(j) The offense was committed in an unsophisticated manner and was an isolated incident for which the defendant has shown remorse.
(k) At the time of the offense the defendant was too young to appreciate the consequences of the offense.
(l) The defendant is to be sentenced as a youthful offender.
(m) The defendant’s offense is a nonviolent felony, the defendant’s Criminal Punishment Code scoresheet total sentence points under s. 921.0024 are 60 points or fewer, and the court determines that the defendant is amenable to the services of a postadjudicatory treatment-based drug court program and is otherwise qualified to participate in the program as part of the sentence. For purposes of this paragraph, the term “nonviolent felony” has the same meaning as provided in s. 948.08(6).
(n) The defendant was making a good faith effort to obtain or provide medical assistance for an individual experiencing a drug-related overdose.
This is direct copy/paste from the downward departure statute. Notice that the very first downward departure is “a legitimate uncoerced plea bargain.” In other words the State Attorney can give you a downward departure for ANY reason whatsoever. If the evidence isn’t strong enough, if the Defense Attorney can provide rational/moral reasons why there should be a downward departure, etc. In all cases, this prong is the most argued and most contested. Because without this prong, without the State agreeing to a downward departure you must either (a) go to trial, and if you lose argue downward departure at sentencing, or (b) enter a blind plea to the bench and request downward departure.
Since we are talking about downward departure, we focus on sentencing following a trial loss OR sentencing after a blind plea to the bench. As you can see above, there are several specifically enumerated examples of where downward departure is appropriate. In order for the judge to go below the score sheet, evidence must be provided at that sentencing hearing, showing that you fit into one of those categories in order to get downward departure.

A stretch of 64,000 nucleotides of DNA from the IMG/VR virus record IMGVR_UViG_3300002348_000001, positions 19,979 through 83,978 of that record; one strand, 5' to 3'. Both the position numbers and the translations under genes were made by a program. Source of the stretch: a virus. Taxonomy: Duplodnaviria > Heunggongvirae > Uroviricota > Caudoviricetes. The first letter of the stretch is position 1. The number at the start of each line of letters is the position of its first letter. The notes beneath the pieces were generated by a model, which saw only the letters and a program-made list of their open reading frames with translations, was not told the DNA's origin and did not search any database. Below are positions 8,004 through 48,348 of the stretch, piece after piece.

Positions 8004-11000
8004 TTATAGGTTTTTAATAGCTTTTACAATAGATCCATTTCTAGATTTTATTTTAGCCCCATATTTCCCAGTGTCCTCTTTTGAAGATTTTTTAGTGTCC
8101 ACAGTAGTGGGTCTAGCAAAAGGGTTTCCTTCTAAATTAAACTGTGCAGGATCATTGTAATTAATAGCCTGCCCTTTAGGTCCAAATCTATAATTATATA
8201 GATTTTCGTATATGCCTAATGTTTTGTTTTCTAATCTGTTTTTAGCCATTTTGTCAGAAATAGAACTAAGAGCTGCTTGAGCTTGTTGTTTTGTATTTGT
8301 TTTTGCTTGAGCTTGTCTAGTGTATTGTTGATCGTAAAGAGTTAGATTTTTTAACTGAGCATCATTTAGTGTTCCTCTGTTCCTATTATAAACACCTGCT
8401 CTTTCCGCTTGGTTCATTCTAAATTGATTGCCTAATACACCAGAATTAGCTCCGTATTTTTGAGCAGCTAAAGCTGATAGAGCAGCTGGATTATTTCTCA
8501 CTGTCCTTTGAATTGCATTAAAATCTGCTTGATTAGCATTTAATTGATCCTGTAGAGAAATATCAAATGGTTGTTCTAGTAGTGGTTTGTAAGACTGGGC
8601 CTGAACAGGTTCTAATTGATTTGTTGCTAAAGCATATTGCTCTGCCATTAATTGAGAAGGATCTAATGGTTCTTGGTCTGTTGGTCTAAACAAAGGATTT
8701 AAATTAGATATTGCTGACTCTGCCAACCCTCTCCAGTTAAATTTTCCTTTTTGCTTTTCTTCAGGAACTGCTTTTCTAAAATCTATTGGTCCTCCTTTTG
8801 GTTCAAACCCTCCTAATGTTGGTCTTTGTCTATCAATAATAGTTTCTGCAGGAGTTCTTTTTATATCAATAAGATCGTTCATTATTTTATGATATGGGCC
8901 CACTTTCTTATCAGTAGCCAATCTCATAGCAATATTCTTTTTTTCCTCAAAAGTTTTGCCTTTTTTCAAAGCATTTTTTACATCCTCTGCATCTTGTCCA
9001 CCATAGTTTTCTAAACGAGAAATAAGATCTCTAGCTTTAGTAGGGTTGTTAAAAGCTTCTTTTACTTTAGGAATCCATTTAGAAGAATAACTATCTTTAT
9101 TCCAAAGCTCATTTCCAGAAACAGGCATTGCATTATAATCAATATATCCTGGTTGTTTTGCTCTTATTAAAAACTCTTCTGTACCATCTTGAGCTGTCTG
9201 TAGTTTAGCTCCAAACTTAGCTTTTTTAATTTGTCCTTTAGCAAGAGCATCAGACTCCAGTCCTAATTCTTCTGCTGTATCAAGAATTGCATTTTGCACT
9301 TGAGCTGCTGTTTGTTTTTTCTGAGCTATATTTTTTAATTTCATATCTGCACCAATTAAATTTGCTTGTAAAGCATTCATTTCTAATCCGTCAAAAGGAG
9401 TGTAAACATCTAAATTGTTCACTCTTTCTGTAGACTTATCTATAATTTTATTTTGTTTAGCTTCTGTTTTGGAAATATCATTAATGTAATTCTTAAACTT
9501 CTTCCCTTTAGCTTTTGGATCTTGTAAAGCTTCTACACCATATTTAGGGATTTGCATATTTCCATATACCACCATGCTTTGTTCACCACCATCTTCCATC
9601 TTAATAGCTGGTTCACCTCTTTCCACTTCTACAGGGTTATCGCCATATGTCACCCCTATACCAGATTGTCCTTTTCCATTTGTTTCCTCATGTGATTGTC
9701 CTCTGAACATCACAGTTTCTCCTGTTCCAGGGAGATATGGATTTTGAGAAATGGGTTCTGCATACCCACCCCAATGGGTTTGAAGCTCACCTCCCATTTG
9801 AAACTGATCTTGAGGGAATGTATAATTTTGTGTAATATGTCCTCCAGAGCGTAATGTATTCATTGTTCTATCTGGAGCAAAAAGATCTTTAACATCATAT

But what about “not limited to” provision? Keep in mind, that a plain reading of the Downward Departure Statute may be confusing because the very first line states that the reasons for downward departure are to include everything listed below, but it is not to be “limited to” said reasons. This appears to create a floating concept of downward departure outside of the stuff statutorily specified. Unfortunately, there is little to no case law on what is actually an acceptable reason for downward departure outside of the statutory mitigation listed specifically. Because of this, if you attempt to argue this “not limited to” prong, you will likely not get your downward departure. Personally, over the years, I have never seen a judge find a reason outside of those specifically enumerated to grant downward departure. Legally speaking, the judges are being cautious, and one day you may see a judge be a bit adventurous and step outside the box on this particular provision of the Statute. However, for now it’s safe to assume that arguing the “not limited to” provision is a long shot at the very least.
Downward Departure, Call Us, (407) 930-8912